Nine-time major champion Sam Stosur headlines the Aussie women’s doubles field as she enters the last major of her professional career. Stosur made the official announcement earlier this week. Outside of Ash Barty, 38-year-old Stosur has been the best Australian women’s player for the last two decades and one of the best in history. Her most prolific career victory was defeating Serena Williams in the 2011 U.S. Open Finals to claim her first and only singles major.
Stosur’s partner for her final curtain call at the Australian Open? The always entertaining Alize Cornet. She will also team up with good friend and fellow Aussie Matt Ebden in the mixed doubles tournament.
Two other Aussie WTA players who could make a deep run in the women’s doubles draw include No. 4 seed Storm Hunter, who we mentioned above, and No. 9 Ellen Perez, who is partnering with Nicole Melichar-Martinez.
We got the opportunity to interview Ellen during the WTA Finals. Click the link below to hear our conversation.
Reunited and It Feels So Good
In addition to breakups, the 2023 women’s field also features a few compelling reunions. Doubles partnerships in tennis are a bit like dating and relationships… and we’re here for it.
No. 12 seeds Taylor Townsend and Asia Muhammad, fellow Americans and close friends off the court, reunited at the beginning of the year in convincing fashion to win Adelaide 1 over top seeds Katerina Siniakova and Storm Hunter in straight sets.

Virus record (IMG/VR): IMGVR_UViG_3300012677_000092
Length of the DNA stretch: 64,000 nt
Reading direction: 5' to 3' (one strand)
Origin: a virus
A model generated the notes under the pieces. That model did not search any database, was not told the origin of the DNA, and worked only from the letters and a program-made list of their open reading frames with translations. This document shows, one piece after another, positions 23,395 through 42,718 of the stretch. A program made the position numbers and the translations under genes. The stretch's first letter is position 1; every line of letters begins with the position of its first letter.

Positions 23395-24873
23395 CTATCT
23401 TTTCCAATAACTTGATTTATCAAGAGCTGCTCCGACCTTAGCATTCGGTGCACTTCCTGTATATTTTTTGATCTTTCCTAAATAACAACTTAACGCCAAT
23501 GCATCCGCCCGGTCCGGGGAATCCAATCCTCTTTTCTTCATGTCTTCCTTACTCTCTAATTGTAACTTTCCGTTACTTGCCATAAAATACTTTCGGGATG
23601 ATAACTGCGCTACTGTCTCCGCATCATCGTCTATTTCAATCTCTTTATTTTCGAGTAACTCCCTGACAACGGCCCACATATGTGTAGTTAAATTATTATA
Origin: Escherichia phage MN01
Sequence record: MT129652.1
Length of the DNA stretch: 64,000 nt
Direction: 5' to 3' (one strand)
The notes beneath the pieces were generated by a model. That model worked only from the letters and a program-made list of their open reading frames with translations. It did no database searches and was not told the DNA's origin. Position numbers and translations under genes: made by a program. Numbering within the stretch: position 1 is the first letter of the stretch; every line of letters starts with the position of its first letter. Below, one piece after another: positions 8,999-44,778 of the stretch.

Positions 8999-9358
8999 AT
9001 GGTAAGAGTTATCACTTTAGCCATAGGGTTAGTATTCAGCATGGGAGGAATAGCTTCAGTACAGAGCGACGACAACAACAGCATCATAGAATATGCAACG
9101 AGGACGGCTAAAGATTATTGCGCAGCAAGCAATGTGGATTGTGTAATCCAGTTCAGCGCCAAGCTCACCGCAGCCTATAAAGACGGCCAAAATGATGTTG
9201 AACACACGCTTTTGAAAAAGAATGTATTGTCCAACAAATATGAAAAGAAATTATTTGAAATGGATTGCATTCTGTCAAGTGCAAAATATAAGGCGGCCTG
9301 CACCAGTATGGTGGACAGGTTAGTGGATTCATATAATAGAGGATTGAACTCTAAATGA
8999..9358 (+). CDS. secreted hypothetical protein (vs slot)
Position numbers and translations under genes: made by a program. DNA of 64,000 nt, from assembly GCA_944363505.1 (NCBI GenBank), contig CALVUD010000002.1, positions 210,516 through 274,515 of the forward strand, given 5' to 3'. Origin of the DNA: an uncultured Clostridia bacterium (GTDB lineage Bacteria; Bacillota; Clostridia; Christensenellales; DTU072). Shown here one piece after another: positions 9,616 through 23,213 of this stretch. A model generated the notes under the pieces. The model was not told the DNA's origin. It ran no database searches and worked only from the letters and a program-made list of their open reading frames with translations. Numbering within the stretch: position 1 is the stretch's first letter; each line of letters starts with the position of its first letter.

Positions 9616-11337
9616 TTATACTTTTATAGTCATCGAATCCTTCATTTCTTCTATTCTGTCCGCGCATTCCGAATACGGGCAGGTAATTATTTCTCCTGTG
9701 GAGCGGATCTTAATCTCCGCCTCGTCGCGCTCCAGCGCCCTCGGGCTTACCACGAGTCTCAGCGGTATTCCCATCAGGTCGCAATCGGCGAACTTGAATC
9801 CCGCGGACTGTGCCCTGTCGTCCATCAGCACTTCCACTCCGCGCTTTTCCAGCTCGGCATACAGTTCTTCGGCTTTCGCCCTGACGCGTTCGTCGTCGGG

Following their title at Adelaide 1, Townsend repeated as champion the following week with Luisa Stefani to win Adelaide 2 and improve to an 8-0 doubles record on the year.
With a workable draw to the quarterfinals, expect the in-form American team to make a deep run here.
Another notable team reuniting in 2023 is No. 10 seeds Shuko Aoyama and Ena Shibahara. In 2021, The Japanese duo notched a career-best year with five titles, a top 5 ranking and a semi-final performance at the WTA Finals in Guadalajara. Last year, they parted ways primarily so Shibahara could focus on prioritizing her singles career. Could 2023 be their year to win a first major title together?
Lastly, keep an eye out for Kristina Mladenovic and Timea Babos. While neither player is currently in great form, they are both former world no. 1s in doubles and have won four majors together. If they catch fire and gain confidence, Babos and Mladenovic could cause a string of upsets in the draw.
The Doubles Kings and Queens Remain
Despite the partnership shakeups and reunions, the doubles kings and queens at the top of the game still remain.
On the women’s side, the No. 1 Czech duo of Barbora Krejcikova and Katerina Siniakova have largely distanced themselves from the field. In 2022, they finished 18-0 in grand slam doubles play and won three majors to capture the career grand slam.
With six majors and an Olympic gold medal at age 26, the sky is the limit for this Czech powerhouse team.